‘Gaming Disorder’ To Be Recognized By WHO As A Mental Health Condition

Lorenzo Tanos - Author

Dec. 23 2017, Updated 8:38 a.m. ET

Spending too much time playing video games may seem more benign than many other forms of addiction, but the World Health Organization’s official literature on diseases will be listing “gaming disorder” as a mental health condition next year, when it gets updated for the first time in almost three decades.

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Since the WHO’s creation in 1948, the International Classification of Diseases (ICD) has been used by the agency for classifying and analyzing diseases and other health issues, and for providing a snapshot of the health situation of countries and populations. According to the WHO’s ICD fact sheet, the literature was originally known as the International List of Causes of Death when it was first adopted in 1893, and has gone through 10 published editions, with the last update having been endorsed in May 1990.

With the WHO set to publish the ICD’s 11th update (ICD-11) in 2018, the agency will be adding a number of new diseases and conditions, including gaming disorder. According to a report from New Scientist, the WHO is still finalizing the language that will be used to describe the condition in ICD-11, but there are some drafted guidelines that medical professionals can use to determine if someone is playing too many games for their own good. These include prioritizing gaming to a point where the activity “takes precedence over other life interests,” and does so for at least a year, and insisting on gaming even if a person is aware of, and has suffered from its “negative consequences.”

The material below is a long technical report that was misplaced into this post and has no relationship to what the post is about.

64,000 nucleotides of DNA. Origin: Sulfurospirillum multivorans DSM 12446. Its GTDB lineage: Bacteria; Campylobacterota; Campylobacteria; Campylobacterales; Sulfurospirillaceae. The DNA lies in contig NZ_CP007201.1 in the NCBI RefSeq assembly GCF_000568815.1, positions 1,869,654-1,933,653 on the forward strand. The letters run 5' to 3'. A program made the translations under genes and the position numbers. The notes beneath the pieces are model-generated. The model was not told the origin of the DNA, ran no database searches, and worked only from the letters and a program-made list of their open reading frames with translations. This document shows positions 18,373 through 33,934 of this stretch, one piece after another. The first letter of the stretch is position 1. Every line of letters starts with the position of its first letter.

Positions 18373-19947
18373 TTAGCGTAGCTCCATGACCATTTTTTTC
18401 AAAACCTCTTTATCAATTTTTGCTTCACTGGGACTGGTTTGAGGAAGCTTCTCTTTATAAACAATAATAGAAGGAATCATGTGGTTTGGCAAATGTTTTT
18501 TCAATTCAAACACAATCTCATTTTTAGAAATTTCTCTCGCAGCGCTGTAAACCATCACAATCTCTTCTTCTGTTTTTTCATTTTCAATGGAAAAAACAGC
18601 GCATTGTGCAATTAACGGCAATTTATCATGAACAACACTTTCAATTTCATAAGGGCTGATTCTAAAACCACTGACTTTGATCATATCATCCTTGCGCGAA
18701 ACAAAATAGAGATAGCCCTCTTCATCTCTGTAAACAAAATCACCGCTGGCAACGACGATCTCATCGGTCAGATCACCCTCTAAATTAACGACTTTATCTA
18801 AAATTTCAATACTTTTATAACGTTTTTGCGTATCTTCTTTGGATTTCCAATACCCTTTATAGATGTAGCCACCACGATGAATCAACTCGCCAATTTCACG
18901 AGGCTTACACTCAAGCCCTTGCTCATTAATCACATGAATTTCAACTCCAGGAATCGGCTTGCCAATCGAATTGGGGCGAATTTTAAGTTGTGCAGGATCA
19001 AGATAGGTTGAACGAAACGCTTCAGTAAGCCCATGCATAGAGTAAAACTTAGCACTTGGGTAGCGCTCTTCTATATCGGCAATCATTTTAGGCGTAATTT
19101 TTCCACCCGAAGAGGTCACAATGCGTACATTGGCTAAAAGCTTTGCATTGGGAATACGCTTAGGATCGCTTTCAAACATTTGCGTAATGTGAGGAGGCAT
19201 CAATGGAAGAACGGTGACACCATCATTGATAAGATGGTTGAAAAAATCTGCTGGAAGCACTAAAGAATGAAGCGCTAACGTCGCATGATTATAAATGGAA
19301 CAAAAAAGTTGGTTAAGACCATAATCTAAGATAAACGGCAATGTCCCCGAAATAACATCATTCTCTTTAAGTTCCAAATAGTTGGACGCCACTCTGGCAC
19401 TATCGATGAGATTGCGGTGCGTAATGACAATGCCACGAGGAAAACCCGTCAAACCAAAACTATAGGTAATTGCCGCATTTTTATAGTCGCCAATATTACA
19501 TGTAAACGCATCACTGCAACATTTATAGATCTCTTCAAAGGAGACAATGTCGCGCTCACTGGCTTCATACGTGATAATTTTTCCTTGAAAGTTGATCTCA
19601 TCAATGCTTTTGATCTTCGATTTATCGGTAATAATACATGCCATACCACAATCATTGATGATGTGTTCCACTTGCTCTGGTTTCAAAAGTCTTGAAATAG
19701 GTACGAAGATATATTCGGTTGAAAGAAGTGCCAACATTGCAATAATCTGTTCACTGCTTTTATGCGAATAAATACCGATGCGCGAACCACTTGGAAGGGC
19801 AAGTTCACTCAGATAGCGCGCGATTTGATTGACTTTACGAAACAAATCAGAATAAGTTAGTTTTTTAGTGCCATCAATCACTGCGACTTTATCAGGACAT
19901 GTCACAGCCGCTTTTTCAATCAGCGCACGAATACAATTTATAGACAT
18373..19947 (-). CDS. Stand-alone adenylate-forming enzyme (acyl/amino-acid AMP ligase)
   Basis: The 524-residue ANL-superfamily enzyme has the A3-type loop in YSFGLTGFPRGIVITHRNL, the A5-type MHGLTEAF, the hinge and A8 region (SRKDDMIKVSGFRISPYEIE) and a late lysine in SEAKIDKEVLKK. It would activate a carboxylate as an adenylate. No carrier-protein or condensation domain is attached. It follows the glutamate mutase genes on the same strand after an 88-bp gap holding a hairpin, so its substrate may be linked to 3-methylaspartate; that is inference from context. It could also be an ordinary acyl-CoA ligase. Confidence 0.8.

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At the moment, the WHO has yet to list other similar technology or gadget-related conditions, such as smartphone or internet addiction. According to the Daily Mail, there still isn’t enough evidence to prove that these conditions are “real disorders.”

In a statement, WHO Department of Mental Health and Substance Abuse coordinator Vladimir Poznyak said that clinicians should be aware that addiction to gaming is a clear and present danger to the health of individuals, due to its “serious” consequences.

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“Most people who play video games don’t have a disorder, just like most people who drink alcohol don’t have a disorder either. However, in certain circumstances overuse can lead to adverse effects.”

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